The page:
Germans and refugees protest against sexism and racism after Cologne attacks
Germans and refugees protest against sexism and racism in wake of Cologne attacks
Germans, Syrians and others have protested in Cologne against the sexual assaults of New Year’s Eve. As the backlash against refugees grows, some people with migrant backgrounds feel they’re becoming public enemies.
Reports Deutsche Welle.
Beneath a grey January sky, a handful of men gathered in front of the towering Cologne Cathedral carrying placards and waving German and Syrian flags. Then, as curious bystanders began to trickle over, the men unfurled a banner with a message scrawled in black and green.
“We’re refugees from Syria,” it read in German. “We’re against racism, sexism and war.”
It marked the beginning of the first of two demonstrations on Saturday meant to counter the increasingly negative image of refugees in the wake of the events in Cologne on New Year’s Eve.
Since that night, in which more than 500 women reported being sexually harassed in front of the main train station by a mob of men, most of them from migrant backgrounds, male refugees from the Middle East feel they’re suddenly the enemy in a country that only a short while ago had celebrated their arrival.
Jabbar Abdullah, a 28-year-old Syrian who organized the first, smaller demonstration, said he wanted to convey to the public that there was a distinction between the men who committed those crimes and ordinary refugees.
Slavoj Žižek wrote some words of sense at the end of last year (In these Times. November).
Another taboo we must address concerns norms and rules. It is a fact that most of the refugees come from a culture that is incompatible with Western European notions of human rights. Tolerance as a solution (mutual respect of each other’s sensitivities) obviously doesn’t work: fundamentalist Muslims find it impossible to bear our blasphemous images and reckless humour, which we consider a part of our freedoms. Western liberals, likewise, find it impossible to bear many practices of Muslim culture.
These comments are easy to extend.
It is the case, as everybody knows, that vicious sexual harassment is a particular problem in many Muslim cultures, in the Middle East and North Africa.
In liberal and tolerant Tunisia the issue has become extremely important. In June last year this (amongst scores of articles) appeared: SEXUAL HARASSMENT IS MAKING LIFE HELL FOR WOMEN IN TUNISIA By Hana Rekik.
One would have wished for Žižek to show some awareness of this.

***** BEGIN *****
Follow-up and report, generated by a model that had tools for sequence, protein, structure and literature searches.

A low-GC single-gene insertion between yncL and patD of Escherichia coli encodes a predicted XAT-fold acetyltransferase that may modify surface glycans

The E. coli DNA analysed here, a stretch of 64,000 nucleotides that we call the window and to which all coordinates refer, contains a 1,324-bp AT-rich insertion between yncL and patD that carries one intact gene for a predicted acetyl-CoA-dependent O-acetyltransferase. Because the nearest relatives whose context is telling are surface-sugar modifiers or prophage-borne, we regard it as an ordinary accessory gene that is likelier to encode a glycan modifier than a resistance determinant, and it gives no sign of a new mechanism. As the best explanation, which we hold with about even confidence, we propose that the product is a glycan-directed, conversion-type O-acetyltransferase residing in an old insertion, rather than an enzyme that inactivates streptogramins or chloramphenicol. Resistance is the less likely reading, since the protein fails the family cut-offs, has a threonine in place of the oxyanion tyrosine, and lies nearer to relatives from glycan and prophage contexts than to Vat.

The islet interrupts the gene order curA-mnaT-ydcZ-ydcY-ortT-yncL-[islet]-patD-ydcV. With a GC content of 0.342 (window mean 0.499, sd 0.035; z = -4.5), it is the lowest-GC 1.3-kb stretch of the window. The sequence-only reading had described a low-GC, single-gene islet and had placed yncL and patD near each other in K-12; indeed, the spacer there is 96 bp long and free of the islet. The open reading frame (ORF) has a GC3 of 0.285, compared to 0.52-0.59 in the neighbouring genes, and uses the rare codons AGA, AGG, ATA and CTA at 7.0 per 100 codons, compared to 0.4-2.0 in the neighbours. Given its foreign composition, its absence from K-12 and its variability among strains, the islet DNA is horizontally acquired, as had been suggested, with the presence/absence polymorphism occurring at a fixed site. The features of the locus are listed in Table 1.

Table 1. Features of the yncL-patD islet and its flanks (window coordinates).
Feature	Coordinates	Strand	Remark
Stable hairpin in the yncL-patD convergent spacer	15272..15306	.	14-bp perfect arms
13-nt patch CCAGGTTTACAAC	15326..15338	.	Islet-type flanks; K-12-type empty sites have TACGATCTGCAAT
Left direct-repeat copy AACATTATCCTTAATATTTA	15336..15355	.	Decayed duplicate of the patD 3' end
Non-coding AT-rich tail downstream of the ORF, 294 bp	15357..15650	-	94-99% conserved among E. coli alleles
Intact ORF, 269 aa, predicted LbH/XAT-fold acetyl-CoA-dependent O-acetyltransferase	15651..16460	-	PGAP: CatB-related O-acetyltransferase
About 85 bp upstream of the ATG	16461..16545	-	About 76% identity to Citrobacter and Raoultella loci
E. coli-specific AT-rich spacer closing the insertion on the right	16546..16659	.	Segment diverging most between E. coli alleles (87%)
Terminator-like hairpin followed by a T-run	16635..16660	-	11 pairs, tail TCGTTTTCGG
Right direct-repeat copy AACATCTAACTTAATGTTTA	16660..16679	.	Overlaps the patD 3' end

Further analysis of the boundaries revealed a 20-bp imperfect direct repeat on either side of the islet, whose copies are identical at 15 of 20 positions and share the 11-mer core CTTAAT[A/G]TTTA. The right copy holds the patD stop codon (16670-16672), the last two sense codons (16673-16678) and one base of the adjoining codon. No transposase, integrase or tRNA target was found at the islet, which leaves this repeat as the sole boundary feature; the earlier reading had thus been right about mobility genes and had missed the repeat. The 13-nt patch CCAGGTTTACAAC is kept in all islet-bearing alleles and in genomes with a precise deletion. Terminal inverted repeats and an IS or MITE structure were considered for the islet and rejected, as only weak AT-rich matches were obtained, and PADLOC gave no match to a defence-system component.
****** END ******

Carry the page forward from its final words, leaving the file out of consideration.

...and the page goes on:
Unfortunately he has reverted to form and this week has written appalling drivel on the topic in the New Statesman.
I will not dignify him by directly citing it.
Those who want to read it it’s here: The Cologne attacks were an obscene version of carnival.
I would also like to state that in relation to the controversy about the Charlie Hebdo cartoon that those who have used this drawing for their own ends, to spread hatred of French leftist secularists are also beneath contempt.
This Cologne demonstration is dignified and moving.
There have been many other reactions to the sexual assaults.
It pains me to say this but amongst them the Riss cartoon in Charlie Hebdo is not worth the paper it’s written on.
The hysterical anti-Charlie people who jumped like fleas on the drawing – some claiming that it shows proof that ‘Israel’ was reaping a reward for donating to the Weekly – are beneath contempt.
Some have tried to explain the meaning of the picture:
The fact remains that Riss is neither funny -nor exactly cutting against the grain.
The Tendance backs Charlie Hebdo to the hilt – not every cartoon in it.
This gives some reasons why the Tendance does not defend Riss’s dessein, and yes, I do get the ‘culture’.
The drawing did not especially disturb me. Nor did it make me laugh. It only brought to mind the spirit of Hara-Kiri [CH’s anarchic 1960s forerunner], the spirit of its Choron-Cavanna-Reiser era, indiscriminately going after everything that moves — the cops AND the protestors, the generals AND the pacifists, the idiots, the government bureaucrats, the fascists, the academics. And so, why not, the migrants too, without giving all that much thought to whether we’re talking about the migrants themselves, or the migrants as les fachos depict them. Throw it all in, it’s all good for ink.